By Joyce Hollyday
I learned about the power of guns when I was nine years old. I had a red felt cowgirl hat that tightened with a white cord under my chin, a holster made of stamped fake leather, and two toy metal six-shooters. When I waved them around shouting “Bang, bang!” I imagined myself out in The Wild West among the saloon owners and cattle rustlers I saw on TV—someplace like Texas.
I wasn’t at all prepared for the real thing. I’ll never forget the principal of my elementary school, his face stricken, telling us the news from Dallas: “The president has been shot.” He sent us home early, and for days afterward we sat in front of our TV watching the disturbing images over and over: the president slumping over in the motorcade car, Jackie spattered with his blood, Jack Ruby fatally shooting alleged assassin Lee Harvey Oswald, the eerie rider-less horse in the funeral procession.
I thought then that such shattering violence would be a once-in-a-lifetime occurrence. I didn’t know that one renowned civil rights leader had already been assassinated that year in Mississippi. I couldn’t begin to imagine that within five years two more African-American leaders would also be murdered—along with voting-rights workers and freedom riders and the victims of lynch mobs—and that the brother of the president would also be gunned down by an assassin.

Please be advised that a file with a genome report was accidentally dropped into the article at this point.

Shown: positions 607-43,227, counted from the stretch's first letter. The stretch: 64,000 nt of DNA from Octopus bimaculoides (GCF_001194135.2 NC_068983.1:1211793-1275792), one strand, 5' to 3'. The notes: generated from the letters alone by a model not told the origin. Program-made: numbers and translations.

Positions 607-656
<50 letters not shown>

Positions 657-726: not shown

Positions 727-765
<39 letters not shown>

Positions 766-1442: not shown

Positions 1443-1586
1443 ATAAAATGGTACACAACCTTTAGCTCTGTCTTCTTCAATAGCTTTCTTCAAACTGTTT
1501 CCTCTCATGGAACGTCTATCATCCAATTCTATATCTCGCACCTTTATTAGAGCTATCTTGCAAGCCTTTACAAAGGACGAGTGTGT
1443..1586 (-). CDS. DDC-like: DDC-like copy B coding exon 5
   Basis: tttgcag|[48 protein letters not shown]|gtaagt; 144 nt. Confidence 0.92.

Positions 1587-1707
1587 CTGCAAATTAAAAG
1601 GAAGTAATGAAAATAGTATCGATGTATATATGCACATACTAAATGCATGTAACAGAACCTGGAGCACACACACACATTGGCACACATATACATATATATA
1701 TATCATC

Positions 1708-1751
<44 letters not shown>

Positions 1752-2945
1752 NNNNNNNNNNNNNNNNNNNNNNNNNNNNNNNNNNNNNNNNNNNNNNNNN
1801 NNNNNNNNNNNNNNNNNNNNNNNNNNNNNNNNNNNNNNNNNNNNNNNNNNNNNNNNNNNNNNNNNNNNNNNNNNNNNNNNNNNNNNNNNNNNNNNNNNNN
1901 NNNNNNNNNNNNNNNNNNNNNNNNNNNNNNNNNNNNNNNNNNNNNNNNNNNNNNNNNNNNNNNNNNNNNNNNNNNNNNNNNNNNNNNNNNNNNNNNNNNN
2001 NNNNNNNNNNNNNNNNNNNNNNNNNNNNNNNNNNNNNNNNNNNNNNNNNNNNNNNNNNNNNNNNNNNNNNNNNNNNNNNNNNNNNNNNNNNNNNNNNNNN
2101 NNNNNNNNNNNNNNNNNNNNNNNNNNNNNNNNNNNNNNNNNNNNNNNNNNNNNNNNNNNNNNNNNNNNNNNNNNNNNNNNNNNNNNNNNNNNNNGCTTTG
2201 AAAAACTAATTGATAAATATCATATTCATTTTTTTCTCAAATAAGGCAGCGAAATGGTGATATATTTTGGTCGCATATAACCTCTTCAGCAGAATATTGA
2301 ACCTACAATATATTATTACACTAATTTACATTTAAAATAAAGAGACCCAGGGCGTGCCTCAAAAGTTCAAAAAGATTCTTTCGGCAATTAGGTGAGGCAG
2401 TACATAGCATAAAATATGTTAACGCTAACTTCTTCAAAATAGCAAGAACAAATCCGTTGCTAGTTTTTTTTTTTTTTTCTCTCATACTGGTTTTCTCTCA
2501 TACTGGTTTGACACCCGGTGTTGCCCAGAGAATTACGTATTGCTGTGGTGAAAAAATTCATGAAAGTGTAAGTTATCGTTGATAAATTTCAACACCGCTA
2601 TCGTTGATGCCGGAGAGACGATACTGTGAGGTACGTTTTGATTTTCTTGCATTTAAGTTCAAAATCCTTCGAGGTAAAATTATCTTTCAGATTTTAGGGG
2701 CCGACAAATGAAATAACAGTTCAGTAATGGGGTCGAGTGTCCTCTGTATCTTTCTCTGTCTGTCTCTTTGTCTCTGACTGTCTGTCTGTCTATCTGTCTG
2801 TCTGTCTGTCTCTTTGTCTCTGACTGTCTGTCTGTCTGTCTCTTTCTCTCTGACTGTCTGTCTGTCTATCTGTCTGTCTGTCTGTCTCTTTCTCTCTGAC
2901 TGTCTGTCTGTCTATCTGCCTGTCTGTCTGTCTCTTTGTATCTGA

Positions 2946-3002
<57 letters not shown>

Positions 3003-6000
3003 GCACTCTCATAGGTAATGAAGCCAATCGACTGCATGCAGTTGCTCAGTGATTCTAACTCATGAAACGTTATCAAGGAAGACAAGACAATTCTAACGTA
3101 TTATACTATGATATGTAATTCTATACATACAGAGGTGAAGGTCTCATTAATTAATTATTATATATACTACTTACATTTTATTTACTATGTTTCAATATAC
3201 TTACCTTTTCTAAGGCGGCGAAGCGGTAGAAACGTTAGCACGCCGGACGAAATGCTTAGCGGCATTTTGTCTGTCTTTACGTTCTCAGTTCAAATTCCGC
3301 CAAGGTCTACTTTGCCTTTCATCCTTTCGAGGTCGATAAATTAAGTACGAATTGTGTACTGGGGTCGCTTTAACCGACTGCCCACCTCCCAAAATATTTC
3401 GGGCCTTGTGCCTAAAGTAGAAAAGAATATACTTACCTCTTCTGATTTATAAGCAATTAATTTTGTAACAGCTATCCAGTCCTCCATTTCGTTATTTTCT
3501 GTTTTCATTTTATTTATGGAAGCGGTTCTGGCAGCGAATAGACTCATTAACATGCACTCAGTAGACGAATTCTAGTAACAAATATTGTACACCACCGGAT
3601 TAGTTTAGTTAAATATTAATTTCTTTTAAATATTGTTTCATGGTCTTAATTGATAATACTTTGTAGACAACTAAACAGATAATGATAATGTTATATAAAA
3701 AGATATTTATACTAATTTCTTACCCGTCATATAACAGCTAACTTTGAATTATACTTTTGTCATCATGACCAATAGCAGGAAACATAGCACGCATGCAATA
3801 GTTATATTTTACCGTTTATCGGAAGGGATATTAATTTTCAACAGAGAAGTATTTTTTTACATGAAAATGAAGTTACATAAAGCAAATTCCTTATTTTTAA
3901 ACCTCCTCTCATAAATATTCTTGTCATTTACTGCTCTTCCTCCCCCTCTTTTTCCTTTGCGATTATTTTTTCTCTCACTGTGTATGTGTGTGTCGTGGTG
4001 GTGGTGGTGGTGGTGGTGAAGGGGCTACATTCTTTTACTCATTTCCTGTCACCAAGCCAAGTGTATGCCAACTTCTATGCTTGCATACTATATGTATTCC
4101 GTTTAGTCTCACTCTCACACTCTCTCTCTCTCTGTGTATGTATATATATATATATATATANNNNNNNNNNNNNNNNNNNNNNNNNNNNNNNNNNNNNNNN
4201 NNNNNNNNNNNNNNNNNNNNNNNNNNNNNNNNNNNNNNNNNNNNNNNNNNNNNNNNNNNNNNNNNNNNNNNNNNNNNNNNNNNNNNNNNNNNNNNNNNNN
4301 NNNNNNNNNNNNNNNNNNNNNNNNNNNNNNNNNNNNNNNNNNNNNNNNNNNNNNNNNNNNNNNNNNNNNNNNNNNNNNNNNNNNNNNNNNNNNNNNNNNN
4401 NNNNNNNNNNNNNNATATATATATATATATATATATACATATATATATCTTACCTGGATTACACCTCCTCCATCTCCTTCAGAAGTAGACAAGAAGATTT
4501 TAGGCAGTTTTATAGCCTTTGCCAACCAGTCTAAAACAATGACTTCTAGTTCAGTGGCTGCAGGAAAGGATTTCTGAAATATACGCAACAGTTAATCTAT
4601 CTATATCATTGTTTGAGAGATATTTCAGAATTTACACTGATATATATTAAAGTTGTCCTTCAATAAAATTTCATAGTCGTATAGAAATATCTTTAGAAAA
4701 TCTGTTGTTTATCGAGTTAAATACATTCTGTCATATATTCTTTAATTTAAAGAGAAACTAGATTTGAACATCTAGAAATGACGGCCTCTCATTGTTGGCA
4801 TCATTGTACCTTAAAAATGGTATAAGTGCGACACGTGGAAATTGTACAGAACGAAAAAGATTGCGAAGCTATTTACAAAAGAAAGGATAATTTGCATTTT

Last night I was part of a gathering sponsored by Black Lives Matter in front of the Asheville Police Department. We kept vigil, acknowledging the lives and the grievous killing by police this week of Philando Castile of St. Paul, Minnesota, and Alton Sterling of Baton Rouge, Louisiana. And, amid moments of silence and a drizzle of rain that a speaker called “divine tears,” we poured out grief and outrage and fear over the national tragedy that last weekend hit painfully close to home. The killing of Jerry Williams outside a public housing project on Saturday didn’t make national news—perhaps because Asheville isn’t considered a city large enough to warrant such attention, or maybe because the circumstances are complicated and no video has appeared publicly to verify what actually went down that night. But another young black man is dead and another white police officer is on administrative leave and another investigation is under way in a catastrophe that is all too common in this country.
I learned this morning that while we were keeping peaceful vigil last night, so were people in Dallas. Our vigil ended quietly in a downpour of rain, theirs with a torrent of sniper fire that left five police officers dead. Fifty-three years after gun violence in Dallas first shattered my world, it has done so again.
When will it stop? When will we dismantle racism and ban white privilege and bury the guns? When will we respect the value and dignity of all lives? When will our weapon-saturated and violence-obsessed culture turn away from this madness?